Erin Sorrell, PhD: Defining laboratory capacity and the Ebola Response.
Assistant Research Professor, Department of Microbiology and Immunology
Member, Center for Global Health Science and Security
“I think Guinea, Sierra Leone, and Liberia showed us that Ebola in an urban setting can go from a few cases to a massive outbreak in a matter of weeks.”
At Georgetown University since 2016
The case of Ebola.
I was part of a team through the Center for Global Health Science and Security that worked on Ebola response and recovery in Guinea. Our initial project was to focus on recovery and capacity building efforts but we ended up spending a majority of our time in the response phase. It is interesting when you see a disease emerge in a country that did not have it on their radar at all. Ebola was a disease that had been a focus of countries in East and Central Africa and typically occurred village-type settings where it could be contained and where it is not easily spread.
In cases like the Ebola outbreak, when you do not have a lab that can detect diseases and you do not have people who are trained to run diagnostics or to troubleshoot, you are put at a considerable disadvantage. Our partners in Guinea were fantastic and eager, but they were starting from a level of lab capacity that was much lower than what should have existed. So it was definitely a challenge, but it was a good challenge.
The Council on Foreign Relations.
The Council on Foreign Relations (CFR) Stephen M. Kellen Term Member Program is an opportunity for early-mid career professionals across policy, economics, and health security disciplines to get exposure to international and US foreign policy. It has been a highlight of my career to be accepted to the program. I have enjoyed being able to participate in CFR events and getting to know the members. I am one of a few global health scientists in my cohort where membership expertise is mainly focused in the areas of: foreign policy, international studies, economics, business and development. There are a couple of scientists, and we have found each other, but it is fun to see other perspectives on relevant topics across the disciplines.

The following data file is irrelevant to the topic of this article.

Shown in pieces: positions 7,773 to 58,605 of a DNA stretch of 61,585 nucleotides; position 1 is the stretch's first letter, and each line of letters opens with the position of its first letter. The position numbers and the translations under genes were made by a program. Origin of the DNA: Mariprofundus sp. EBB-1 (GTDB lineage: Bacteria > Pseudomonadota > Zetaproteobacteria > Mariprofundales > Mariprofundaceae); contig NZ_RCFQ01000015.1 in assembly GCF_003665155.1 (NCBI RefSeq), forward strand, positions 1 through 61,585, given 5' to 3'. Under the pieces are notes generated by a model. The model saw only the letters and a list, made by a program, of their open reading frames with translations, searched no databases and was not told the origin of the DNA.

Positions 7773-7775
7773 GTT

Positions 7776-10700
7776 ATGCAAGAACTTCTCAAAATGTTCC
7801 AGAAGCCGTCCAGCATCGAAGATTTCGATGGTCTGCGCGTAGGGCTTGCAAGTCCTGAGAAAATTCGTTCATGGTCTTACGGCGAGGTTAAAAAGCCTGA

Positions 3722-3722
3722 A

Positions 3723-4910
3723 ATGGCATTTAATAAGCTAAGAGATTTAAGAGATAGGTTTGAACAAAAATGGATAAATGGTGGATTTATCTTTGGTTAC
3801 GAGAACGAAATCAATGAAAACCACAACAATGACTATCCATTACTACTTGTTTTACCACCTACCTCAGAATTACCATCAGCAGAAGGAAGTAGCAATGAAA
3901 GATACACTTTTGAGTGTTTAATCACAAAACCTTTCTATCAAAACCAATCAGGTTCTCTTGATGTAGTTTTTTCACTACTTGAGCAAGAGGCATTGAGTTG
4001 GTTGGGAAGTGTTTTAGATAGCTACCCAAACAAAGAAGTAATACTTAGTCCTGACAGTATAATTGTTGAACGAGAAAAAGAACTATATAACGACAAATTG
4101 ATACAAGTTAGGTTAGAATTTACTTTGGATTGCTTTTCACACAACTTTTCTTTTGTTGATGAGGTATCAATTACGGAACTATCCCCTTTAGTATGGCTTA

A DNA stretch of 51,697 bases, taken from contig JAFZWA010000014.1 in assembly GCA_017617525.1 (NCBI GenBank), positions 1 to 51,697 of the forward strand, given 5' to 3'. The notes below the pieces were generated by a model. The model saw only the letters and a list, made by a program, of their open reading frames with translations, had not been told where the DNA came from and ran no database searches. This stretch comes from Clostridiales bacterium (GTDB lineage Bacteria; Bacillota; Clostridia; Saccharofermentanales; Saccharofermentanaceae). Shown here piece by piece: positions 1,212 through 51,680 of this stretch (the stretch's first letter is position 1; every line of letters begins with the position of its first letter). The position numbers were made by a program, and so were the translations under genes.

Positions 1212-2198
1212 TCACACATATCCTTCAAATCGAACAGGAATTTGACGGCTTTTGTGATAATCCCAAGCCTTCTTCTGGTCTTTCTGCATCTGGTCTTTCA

Defining laboratory capacity.
You could approach the concept of lab capacity from a physical infrastructure, and/or safety and security perspective in line with biosafety and biosecurity. From that perspective, you would ask questions such as, “How are those individuals who are working in the lab protecting themselves and working in a safe and secure manner?” It requires thinking about the basic infrastructure, management and security of the building so the bugs can’t get out. Meanwhile, others are looking at whether or not a lab has the capabilities from a personnel and operational perspective. That means having trained individuals, resources, reagents, and equipment to conduct the basic tests for detecting and determining whether or not you have epidemic-prone diseases or diseases that are priorities for your health system. Most countries have notifiable disease lists, and when lab capacity is lacking, clinicians have to base their treatment protocols on clinical presentation. In my work, I focus on what a laboratory needs to have the basics for detecting disease, and in that discussion, we include biosafety and biosecurity.